Lukather: Well you know we do it [the NAMM] every year, it's the National Association of Musical Merchants. It's the guys they pick up from around the world and everybody shows off the new gear for 2004. And all the endorsees and different companies make their appearance. So I get paid, get royalties off like my guitar and I have a lot of other people that I support. And it's a big event, everybody shows up. People from around the world come and there are a lot of different shows, concerts at night. During the day you can't walk three feet without somebody wanting a picture or autograph or something. People come from around the world just to kind of stare at you. It's kind of unnerving really.
We [Toto] worked really hard last year and we're going back out again. See the thing is, it's the world that we live in now. The world is not waiting for the next Toto record as far as a massive scale. We make our living on tour. You know the days of getting three million dollars to do a record are way behind. Nobody gets that anymore unless you're Bruce Springsteen. Even Bruce's sales are down. I mean overall compared to what he normally does... usual ten million. We live in a world where, face it, downloading and DVD copying, people don't have the money to spend. They don't have the disposable income. And now we are looking at concerts that cost fifty to one hundred bucks. In some cases, two hundred dollars a ticket. I mean people don't have that kind of money so they're very careful how they spend it. And you know the world economy is all fucked up.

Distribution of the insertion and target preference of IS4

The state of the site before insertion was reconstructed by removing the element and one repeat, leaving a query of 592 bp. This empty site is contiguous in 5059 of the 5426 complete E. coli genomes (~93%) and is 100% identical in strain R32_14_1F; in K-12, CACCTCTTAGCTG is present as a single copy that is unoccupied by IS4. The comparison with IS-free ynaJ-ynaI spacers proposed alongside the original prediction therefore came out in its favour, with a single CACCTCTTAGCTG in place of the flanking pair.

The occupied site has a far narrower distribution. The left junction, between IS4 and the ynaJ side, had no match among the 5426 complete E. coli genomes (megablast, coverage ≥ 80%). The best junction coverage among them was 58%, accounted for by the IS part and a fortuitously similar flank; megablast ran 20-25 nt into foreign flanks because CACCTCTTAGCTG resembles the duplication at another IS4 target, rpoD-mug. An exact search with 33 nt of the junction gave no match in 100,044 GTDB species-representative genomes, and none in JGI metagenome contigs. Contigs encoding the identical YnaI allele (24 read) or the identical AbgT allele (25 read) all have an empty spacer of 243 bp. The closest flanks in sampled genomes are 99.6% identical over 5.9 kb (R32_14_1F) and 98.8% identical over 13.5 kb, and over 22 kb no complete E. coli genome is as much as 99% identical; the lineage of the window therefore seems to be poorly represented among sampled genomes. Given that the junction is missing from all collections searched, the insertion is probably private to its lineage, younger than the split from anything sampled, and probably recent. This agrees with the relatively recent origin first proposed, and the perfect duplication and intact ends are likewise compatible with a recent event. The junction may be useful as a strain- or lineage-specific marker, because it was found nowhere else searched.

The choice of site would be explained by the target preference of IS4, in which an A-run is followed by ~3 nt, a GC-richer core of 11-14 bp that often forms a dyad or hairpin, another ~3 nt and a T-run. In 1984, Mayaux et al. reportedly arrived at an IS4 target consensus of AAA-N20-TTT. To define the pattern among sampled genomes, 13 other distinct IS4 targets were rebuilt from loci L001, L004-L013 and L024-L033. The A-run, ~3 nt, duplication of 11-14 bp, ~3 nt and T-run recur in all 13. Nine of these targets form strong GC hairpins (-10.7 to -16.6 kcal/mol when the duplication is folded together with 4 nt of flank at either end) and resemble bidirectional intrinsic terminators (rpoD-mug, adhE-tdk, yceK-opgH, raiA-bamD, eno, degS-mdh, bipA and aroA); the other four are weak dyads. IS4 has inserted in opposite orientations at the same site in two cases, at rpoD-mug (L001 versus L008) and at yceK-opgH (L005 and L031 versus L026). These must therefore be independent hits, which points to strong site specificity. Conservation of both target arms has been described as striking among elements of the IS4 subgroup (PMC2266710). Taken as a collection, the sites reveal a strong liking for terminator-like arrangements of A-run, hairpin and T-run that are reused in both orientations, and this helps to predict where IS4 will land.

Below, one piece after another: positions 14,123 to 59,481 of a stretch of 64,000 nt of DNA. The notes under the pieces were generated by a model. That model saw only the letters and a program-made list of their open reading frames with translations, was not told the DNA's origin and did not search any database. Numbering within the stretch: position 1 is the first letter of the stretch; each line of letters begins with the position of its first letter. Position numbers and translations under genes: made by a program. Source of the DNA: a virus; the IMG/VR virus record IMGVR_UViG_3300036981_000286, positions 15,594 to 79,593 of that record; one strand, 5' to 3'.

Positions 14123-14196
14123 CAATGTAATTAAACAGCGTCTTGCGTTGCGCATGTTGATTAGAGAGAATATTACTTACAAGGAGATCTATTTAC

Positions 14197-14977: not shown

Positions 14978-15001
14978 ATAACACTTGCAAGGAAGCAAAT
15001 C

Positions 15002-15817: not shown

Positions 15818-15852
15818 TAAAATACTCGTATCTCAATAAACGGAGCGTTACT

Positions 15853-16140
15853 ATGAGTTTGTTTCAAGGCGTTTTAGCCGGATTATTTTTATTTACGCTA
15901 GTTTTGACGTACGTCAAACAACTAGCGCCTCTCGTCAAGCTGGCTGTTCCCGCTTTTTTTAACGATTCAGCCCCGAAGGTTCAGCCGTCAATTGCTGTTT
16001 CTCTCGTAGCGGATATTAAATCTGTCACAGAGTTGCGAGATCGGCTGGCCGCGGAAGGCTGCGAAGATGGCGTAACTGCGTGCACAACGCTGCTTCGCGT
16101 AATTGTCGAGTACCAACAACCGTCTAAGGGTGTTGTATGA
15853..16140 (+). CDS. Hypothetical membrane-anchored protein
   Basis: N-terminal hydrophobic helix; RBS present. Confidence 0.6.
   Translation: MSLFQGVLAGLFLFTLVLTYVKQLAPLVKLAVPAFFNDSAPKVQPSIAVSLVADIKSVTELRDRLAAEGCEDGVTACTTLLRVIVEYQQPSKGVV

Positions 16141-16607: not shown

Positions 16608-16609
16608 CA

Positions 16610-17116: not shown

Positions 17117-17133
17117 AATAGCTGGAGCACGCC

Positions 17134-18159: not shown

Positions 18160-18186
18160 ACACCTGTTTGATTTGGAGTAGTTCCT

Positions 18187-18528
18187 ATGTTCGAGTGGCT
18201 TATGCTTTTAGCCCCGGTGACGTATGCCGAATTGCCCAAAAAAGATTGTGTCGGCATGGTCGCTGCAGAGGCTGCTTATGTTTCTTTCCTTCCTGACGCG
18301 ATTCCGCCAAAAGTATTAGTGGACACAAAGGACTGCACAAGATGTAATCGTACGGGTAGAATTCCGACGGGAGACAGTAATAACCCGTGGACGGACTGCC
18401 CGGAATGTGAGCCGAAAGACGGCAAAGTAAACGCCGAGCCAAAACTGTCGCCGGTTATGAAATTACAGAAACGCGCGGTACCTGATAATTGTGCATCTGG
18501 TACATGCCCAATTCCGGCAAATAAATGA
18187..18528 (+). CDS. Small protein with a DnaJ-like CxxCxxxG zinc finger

So we're going to do a record assuming that we all get along. We had a little bit of a falling out in recent years and it looked rather dire for a minute there.
Without getting into the gruesome details of it, you spend enough time on the road, people get sick and money's involved. We had a meeting last week and we aired all of our differences, so not do this anymore?
Get all of our shit out and talk about it. Start the year fresh or we could walk. We decided to hang in there. There were some miscommunications, and the right hand not talking to the left hand and bad feelings erupted out of lack of communication, as it often does. You know we needed to, as brothers, sit down in a room, in a neutral area and get it all out. We realized most of this shit both sides were pissed off about were misunderstandings on reality.
We all hugged and kissed and said we're going to go out, you know, I'm writing songs. I mean I got eight or nine pieces myself. I know Dave's got some stuff. We haven't really gotten into the crux of mean writing. And that requires time. We don't want to just throw out another fucking record, go out and tour again. Like we did last time [Through the looking glass]. Shit, I'll never understand why everybody was so mad at us for doing that.